Early on we made attempts to contact numerous organisations asking if they could help us verify data legitimacy.  Almost on every occasion the organisation did not want to engage, but it’s completely understandable why.  It could be for any number of reasons including, they were busy, they were scared, they didn’t know us, they didn’t trust us, they outsourced the application so were blind to the answer, they didn’t have any technical resource to help confirm it, and so on.  These are all totally fair reasons not to engage but it just meant that for 95% of the data we find we’re probably never going to know the real answer to how or where it came from, so what should we do?  Ignore it?  Not warn our customers in case we were wrong?  No.  Lets fail safe.  We give the customers the data and let them decide if it was a threat, so we built tools and capabilities that enabled our clients to verify data accuracy as part of a crowd.

The fact that we don’t publicly shout into the internet horn about what we’ve located or where we think it leaked from also means we’re not shaming organisations at any point in time about data loss.   Lets not forget they’ve become a victim too.  Its not helpful to do that and it distracts from the real issue of protecting the user accounts as quickly as possible.  Our internal crowd will confirm or reject the data accuracy over time.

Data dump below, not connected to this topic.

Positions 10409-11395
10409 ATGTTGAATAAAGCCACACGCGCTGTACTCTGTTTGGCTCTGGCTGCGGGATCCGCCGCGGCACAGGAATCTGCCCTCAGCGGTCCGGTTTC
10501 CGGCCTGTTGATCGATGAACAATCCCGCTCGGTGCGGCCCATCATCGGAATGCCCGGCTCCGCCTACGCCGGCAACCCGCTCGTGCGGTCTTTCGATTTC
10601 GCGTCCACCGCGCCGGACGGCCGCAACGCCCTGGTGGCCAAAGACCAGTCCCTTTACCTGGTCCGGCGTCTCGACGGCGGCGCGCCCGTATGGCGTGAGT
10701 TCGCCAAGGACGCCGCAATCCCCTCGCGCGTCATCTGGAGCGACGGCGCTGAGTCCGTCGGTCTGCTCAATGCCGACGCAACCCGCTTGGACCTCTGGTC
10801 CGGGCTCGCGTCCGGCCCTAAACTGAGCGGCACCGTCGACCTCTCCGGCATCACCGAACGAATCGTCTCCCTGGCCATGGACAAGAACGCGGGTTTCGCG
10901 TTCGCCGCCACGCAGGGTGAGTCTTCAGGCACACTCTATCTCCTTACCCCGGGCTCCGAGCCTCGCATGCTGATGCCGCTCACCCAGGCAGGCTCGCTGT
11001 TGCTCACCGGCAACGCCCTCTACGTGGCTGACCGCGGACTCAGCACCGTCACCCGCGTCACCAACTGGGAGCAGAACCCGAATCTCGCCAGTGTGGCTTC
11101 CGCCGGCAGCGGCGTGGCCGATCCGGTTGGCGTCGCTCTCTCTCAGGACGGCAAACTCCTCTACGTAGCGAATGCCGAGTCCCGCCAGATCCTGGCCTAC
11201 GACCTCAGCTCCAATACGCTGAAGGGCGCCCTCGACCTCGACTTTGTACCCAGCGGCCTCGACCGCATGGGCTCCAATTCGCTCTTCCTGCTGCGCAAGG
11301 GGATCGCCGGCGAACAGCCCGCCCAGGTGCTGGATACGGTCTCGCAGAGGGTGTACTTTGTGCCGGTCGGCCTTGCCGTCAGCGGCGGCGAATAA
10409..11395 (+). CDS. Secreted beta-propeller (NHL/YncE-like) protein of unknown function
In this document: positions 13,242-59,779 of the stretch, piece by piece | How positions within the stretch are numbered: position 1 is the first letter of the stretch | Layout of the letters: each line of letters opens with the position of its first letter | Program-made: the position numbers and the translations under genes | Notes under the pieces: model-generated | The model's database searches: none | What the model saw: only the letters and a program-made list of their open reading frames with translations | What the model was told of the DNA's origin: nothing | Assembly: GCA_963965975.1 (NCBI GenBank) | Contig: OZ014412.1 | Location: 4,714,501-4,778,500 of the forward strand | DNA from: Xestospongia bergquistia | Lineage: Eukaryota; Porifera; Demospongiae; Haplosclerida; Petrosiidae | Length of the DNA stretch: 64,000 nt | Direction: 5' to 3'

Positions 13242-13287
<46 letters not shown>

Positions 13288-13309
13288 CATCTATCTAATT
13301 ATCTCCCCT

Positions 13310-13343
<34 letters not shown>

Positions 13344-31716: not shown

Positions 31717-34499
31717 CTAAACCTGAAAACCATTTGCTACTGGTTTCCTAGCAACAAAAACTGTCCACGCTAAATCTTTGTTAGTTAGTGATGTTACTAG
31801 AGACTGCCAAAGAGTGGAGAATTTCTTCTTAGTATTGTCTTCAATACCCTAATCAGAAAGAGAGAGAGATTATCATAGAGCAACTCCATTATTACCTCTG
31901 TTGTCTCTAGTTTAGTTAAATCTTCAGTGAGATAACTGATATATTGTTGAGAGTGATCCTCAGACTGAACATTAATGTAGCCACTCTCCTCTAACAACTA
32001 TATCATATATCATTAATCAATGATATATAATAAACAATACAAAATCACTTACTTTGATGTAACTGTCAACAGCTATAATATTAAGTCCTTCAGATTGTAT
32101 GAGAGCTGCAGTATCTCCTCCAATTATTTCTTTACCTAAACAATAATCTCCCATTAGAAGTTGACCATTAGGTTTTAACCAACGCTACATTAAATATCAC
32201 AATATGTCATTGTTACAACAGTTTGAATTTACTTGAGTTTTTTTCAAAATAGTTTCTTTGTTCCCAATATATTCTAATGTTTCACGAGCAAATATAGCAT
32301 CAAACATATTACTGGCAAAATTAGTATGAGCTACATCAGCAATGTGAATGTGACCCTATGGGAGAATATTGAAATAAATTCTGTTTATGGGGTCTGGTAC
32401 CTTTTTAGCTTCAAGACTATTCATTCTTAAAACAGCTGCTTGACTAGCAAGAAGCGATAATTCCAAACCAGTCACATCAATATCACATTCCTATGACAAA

Ethical Issue #5 – Handling Passwords

This is a thorny issue.  Passwords are (and should always be) the secrets of the individual that created them and no-one else.  Seeing passwords in the clear is like reading someones mind.  They are things that are assumed to be privately stored in someones memory and never known by anyone else.  We believe that passwords are basically someones private thoughts and they should stay that way.

One of the challenges we had when we developed Trillion was how to decide what the correct and most secure way to handle passwords would be?  We felt at the very beginning it was critical that we made them available, because without them it is impossible to validate the authenticity of the data or determine the threat of the leak either to the individual, or to an organisation.

There are services that alert on generic data dumps without having the details accurately broken out but this can be highly misleading.  If a user receives an alert with “a breach of company X has happened, it had passwords in it, and you were in it” then that’s a pretty scary and alarming warning.  However, if a more accurate description was that there were passwords in the data but your passwords weren’t, then they really need to know that.  As anyone in security will know, false positives are bad and lead to a rapid loss of faith in the information being presented.

For example, when the Canva breach was released, it had approximately 137 million user accounts in it, but only around 10% of the data had actual passwords included too.  Services like HaveIBeenPwned have made decisions (for their own safety and security) not to associate passwords with user records, but this results in a very high number of users being warned about a data breach that may actually have no risk to them at all, and the 10% that were actually at risk, we’re not able to know which password had been leaked.

That’s one perspective.